My name is Mimi Doll, the owner of Candeo Consulting, Inc., an independent consulting firm that builds organizations’ capacity to create meaningful change in the communities they serve. Sometimes we can prevent scope creep with good planning, other times no matter how good our preparation is, clients either don’t have a clear sense of what they want or simply change their minds.
- Always Develop a Scope of Services and Contract. Developing a detailed scope of services, including project tasks, work hours, pricing, timeline, roles and responsibilities, makes clear to the client what services and deliverables you plan to provide, and those you don’t. Your scope serves as a communication tool about how you will proceed with the project and provides your client an opportunity to react and clarify their expectations about the work. Similarly your contract lays out a legally enforceable agreement about how you and your client will conduct business together, including key issues such as services offered, payment terms, data ownership, contract termination and renewability. Should you reach that “worst case” scenario when you and your client reach an impasse, your contract makes clear the parameters to which you’ve agreed.
Rad Resource: For more information about contracts and small business-related legal issues, see Nolo’s Online Legal Forms.
- Hone Those Communication Skills.Sometimes there are client-consultant disagreements about how a project should proceed, even after the contract has been signed. These moments call for strong communication skills: listen actively to your client, state your positions clearly, manage strong emotions (yours/your client’s) and maintain professionalism. Remember, conflicts often arise from differing perception of a situation rather than objective facts; it’s important to be able to take the client’s perspective. Make your goal about coming to a mutual agreement.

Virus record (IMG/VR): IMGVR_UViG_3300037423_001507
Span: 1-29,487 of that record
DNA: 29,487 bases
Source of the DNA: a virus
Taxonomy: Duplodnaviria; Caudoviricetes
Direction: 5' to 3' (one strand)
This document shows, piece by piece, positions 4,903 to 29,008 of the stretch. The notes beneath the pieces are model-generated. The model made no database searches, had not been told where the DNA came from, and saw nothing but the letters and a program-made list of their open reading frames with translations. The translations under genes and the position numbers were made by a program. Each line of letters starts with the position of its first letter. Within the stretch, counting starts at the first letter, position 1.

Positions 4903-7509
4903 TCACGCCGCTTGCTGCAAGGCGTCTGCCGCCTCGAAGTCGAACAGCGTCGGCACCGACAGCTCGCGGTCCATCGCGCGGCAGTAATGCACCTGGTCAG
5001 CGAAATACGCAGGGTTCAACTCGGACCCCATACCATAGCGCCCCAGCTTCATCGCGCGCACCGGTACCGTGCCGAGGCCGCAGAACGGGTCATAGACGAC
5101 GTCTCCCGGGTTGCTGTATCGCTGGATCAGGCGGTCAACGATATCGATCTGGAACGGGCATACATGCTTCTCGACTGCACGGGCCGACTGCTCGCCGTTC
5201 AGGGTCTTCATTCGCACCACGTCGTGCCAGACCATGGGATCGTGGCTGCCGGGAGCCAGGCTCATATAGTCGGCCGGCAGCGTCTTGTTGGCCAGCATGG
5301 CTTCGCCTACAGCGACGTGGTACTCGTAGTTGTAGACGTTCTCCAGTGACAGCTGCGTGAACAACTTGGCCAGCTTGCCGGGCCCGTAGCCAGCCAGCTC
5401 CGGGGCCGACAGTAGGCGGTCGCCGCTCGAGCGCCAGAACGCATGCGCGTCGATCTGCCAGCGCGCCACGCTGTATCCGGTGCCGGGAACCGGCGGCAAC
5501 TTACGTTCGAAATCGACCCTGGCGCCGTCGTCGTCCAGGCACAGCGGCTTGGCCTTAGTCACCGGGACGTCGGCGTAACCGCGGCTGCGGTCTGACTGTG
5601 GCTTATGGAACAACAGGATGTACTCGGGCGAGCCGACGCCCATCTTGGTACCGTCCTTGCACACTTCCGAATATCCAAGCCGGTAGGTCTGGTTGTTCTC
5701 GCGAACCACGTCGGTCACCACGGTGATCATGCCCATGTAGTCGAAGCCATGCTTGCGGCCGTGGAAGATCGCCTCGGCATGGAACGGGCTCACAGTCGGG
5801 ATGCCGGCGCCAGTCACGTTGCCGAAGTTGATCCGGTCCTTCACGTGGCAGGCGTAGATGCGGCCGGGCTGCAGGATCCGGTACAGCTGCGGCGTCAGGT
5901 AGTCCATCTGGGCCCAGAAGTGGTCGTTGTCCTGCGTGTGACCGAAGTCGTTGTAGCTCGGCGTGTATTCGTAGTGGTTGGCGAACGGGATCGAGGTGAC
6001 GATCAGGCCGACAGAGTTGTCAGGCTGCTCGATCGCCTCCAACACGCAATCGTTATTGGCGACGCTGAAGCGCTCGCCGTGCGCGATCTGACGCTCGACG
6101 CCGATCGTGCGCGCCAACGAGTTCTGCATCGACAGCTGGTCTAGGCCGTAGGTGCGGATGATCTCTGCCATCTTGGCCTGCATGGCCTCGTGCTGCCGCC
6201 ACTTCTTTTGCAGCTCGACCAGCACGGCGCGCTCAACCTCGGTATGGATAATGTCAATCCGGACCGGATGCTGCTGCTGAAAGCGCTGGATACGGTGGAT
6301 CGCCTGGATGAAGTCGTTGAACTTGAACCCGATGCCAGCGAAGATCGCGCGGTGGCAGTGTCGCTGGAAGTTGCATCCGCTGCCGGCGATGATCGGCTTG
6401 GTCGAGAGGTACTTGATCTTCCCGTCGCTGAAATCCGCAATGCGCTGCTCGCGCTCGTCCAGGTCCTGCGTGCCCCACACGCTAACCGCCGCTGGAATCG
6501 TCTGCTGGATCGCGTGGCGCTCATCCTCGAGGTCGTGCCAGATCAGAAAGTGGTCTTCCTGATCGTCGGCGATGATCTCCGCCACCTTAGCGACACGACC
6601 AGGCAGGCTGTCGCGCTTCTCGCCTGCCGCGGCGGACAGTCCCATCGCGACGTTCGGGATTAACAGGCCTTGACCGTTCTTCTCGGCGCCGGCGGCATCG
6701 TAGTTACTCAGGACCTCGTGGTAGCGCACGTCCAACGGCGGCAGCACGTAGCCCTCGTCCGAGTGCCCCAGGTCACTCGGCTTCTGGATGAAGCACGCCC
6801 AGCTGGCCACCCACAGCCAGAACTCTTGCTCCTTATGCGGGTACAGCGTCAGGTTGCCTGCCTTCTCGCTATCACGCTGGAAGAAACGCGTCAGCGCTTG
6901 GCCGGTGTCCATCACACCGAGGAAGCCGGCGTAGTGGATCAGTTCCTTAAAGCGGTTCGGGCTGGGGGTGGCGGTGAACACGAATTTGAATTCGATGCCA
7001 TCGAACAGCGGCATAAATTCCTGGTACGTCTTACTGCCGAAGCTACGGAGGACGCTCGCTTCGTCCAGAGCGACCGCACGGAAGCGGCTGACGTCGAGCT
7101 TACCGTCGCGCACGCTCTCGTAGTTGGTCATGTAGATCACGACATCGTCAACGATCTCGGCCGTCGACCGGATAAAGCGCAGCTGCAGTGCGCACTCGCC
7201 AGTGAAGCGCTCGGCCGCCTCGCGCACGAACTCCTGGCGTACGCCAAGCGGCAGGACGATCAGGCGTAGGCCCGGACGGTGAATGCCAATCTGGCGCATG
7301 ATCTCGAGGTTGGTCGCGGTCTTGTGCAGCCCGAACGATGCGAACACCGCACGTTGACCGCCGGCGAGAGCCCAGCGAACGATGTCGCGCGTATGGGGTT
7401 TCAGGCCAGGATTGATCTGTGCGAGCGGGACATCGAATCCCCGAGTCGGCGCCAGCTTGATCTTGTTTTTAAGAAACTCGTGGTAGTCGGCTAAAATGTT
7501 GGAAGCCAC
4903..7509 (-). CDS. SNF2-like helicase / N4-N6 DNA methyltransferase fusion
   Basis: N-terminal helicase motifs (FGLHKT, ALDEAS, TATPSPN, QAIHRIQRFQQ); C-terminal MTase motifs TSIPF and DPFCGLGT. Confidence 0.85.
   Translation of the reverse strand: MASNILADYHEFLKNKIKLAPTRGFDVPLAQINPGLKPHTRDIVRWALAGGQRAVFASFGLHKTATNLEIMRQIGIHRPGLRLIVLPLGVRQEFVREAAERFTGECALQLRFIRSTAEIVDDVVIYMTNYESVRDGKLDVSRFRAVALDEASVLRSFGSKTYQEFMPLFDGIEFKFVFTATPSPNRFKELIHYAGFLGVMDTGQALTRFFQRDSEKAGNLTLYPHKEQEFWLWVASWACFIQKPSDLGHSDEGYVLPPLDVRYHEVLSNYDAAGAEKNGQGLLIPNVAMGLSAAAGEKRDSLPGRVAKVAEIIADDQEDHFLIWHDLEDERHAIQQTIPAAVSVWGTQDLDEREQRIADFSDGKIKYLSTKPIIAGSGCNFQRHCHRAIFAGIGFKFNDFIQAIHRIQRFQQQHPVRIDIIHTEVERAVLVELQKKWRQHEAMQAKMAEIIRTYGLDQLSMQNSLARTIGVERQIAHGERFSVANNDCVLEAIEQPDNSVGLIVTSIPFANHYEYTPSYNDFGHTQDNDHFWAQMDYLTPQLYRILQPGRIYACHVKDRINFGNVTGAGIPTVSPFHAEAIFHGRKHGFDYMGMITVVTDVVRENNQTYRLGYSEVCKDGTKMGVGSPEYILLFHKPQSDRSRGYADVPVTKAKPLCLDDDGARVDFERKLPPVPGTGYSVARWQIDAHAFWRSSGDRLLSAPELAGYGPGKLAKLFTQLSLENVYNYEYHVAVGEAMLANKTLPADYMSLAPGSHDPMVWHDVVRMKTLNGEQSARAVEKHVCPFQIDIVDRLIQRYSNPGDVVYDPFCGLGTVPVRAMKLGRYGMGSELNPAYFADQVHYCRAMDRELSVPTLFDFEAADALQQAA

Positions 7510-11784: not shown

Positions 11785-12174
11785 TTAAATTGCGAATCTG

Rad Resource: see HelpGuide.org’s conflict resolution skills.
- Be Clear on Your Own Standards. When the client’s expectations about the project change between start and finish of the work, it’s important to be clear about your own standards by writing them down. Consider the following:
- Logistics & Scope Changes: How does this impact your project’s time frame, budget and staffing? Where can you be flexible and where can you not? Do alterations erase company profits; place too great a burden on your time/staffing capacity?
- Work Quality/Integrity & Scope Changes: Do requested alterations reduce the quality or rigor of data collection, create conflicts of interest, and lessen the impact of your work? In some cases these decisions are clearly outlined by professional standards, while other times we must develop our own professional standards.
Rad Resource: See AEA Guiding Principles for Evaluators.
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